A widely-acclaimed researcher, teacher of various universities in India and abroad, a prolific writer, a distinguished orator and an Indologist of repute, a globetrotting management guru, Dr Kailash Chandra Mishra has added many feathers unto the cap of mother Odisha by his spectacular achievements in very many fields of human endeavour. A think tank of Indian economy, he is a former Director of the National Insurance Academy, Govt. of India, at Pune. He was the head of the Lal Bahadur Shastri Institute of Management, Delhi and thereafter he had also served as the founder-Vice-Chancellor of Sri Sri University, Cuttack. A Professor Emeritus, Dr Mishra has had been a visiting faculty to Columbia and many other universities of the world. His books include “The Game is Changing: Insurance Reloaded”, “Insurance Demystified”, “Reading beyond the Lexicon”, “Medical Informatics: An Exploration”. He has more than three hundred published papers in various national and international management journals. He continues to extend his advice to boost the ailing economy of many nations, including India. In an interview to The Pioneer, Dr Mishra spokes to Sugyan Choudhury on the pandemic economy.
What’s the global response to the pandemic crisis in economic terms?
Commensurate with the scale and speed of the pandemic crisis, domestic and international policy responses of good governments have been large, non-pretentious, rapidly-deployed and speedily-recalibrated. Assuming the pandemic fades in the second half of 2022 and that policy actions taken around the world are effective in preventing widespread firm demise, job losses, and sovereign financial strains, global growth may resume to 6% to begin with. The cumulative loss to global GDP over 2020 and 2021 from the pandemic could be around 9 trillion dollars, greater than the economies of Japan and Germany combined. Flattening the spread of Covid using lockdowns allowed health systems to cope with the disease, which then permitted a resumption of economic activity. Tradeoff between saving lives and saving livelihoods was minimised.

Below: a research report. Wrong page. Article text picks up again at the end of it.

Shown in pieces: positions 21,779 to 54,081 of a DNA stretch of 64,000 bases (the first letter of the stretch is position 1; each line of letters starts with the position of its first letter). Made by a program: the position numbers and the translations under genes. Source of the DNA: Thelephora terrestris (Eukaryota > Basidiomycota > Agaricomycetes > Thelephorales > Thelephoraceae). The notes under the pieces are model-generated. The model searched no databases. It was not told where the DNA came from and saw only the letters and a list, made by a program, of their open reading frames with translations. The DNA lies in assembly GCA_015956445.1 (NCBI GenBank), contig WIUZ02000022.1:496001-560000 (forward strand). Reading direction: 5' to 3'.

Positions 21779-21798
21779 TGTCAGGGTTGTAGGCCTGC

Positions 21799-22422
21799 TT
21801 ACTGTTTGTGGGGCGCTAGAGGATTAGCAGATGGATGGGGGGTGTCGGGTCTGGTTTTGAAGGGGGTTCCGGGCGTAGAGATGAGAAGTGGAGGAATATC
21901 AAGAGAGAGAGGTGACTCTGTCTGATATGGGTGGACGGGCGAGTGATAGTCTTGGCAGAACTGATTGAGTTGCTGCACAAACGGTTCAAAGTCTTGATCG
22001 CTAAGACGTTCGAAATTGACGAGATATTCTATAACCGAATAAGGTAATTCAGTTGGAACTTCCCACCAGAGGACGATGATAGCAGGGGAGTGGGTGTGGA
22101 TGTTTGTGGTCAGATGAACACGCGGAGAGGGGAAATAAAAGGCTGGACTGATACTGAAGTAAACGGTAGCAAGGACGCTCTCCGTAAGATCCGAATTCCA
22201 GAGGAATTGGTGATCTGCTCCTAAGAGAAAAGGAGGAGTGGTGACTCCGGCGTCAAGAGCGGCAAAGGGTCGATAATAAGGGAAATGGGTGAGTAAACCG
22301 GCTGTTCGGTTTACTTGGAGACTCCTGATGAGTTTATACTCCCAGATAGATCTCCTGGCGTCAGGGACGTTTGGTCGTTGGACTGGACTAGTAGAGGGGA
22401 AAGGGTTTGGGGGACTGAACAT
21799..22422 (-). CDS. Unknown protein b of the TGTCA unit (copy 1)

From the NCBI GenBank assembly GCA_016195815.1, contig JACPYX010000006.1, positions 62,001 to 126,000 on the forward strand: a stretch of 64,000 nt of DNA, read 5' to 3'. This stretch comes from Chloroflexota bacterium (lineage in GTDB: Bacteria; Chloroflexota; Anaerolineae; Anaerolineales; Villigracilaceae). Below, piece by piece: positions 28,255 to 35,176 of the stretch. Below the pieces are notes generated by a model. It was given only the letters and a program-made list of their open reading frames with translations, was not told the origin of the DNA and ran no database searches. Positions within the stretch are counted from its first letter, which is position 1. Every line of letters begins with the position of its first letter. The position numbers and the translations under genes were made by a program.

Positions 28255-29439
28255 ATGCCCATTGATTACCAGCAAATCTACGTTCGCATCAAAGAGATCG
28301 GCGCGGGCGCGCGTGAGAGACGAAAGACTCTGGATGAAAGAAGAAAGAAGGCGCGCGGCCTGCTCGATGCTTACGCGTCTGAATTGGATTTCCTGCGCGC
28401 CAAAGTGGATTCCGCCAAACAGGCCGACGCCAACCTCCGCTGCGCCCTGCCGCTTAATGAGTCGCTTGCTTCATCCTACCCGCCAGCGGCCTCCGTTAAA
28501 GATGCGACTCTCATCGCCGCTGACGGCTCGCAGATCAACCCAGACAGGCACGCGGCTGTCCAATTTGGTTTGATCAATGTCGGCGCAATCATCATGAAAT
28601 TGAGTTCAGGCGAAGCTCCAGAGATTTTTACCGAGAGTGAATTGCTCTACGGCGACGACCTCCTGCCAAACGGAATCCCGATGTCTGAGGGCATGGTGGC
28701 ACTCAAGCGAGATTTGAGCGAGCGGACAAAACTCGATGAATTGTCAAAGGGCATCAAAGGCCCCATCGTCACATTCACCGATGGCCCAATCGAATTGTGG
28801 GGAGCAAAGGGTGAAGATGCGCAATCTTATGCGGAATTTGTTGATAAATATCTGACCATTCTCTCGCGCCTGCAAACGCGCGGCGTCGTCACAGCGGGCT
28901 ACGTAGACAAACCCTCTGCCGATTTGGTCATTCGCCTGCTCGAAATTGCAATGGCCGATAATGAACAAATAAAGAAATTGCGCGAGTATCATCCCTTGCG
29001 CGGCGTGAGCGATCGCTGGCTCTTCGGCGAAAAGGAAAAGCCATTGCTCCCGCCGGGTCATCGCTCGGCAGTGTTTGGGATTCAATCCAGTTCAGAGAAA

Has India calibrated its economic response to wade through the pandemic?
To be candid, India has suffered from economic governance deficit during the pandemic. Indian economy in recent times can be viewed as pre-pandemic phase, pandemic course phase and post pandemic phase. Before the pandemic, the economy was already slowing down with deficiencies in both consumption and investment demand, the two prime drivers of Indian economy. India is yet to assume export-led economy status. Every crisis presents an opportunity. Government should have utilised the stimulus across sectors to lift the economy out of slippages as also to address the existing inequalities in income and wealth distribution.
Since Q1 of 2018-19, quarterly GDP growth rate was sliding. The last quarter of 2019-20 saw a growth rate of 3.1%. Government economists wished away the downslide blaming structural weaknesses as supply side bottleneck and cyclical problems as demand side. In the Q1 of 2020-21, GDP contracted by 23.9% coinciding with nationwide lockdown. Contraction was expected, but 24% was an international shock and national frustration. Pre-pandemic mismanagement had already created pathway to distress. Nobel laureate Abhijit Banerjee has said demonetisation and GST were plausible causes of the pre-pandemic slowdown coupled with agricultural distress. This momentum was accentuated in course of the pandemic to give the worst-ever economic de-growth of India. But Indian spirit will act as a miracle as economy can only bounce back from this bottom performance decoupled from political economics.
Did Indian stimulus work to poise the economy for adequate growth in post-pandemic world?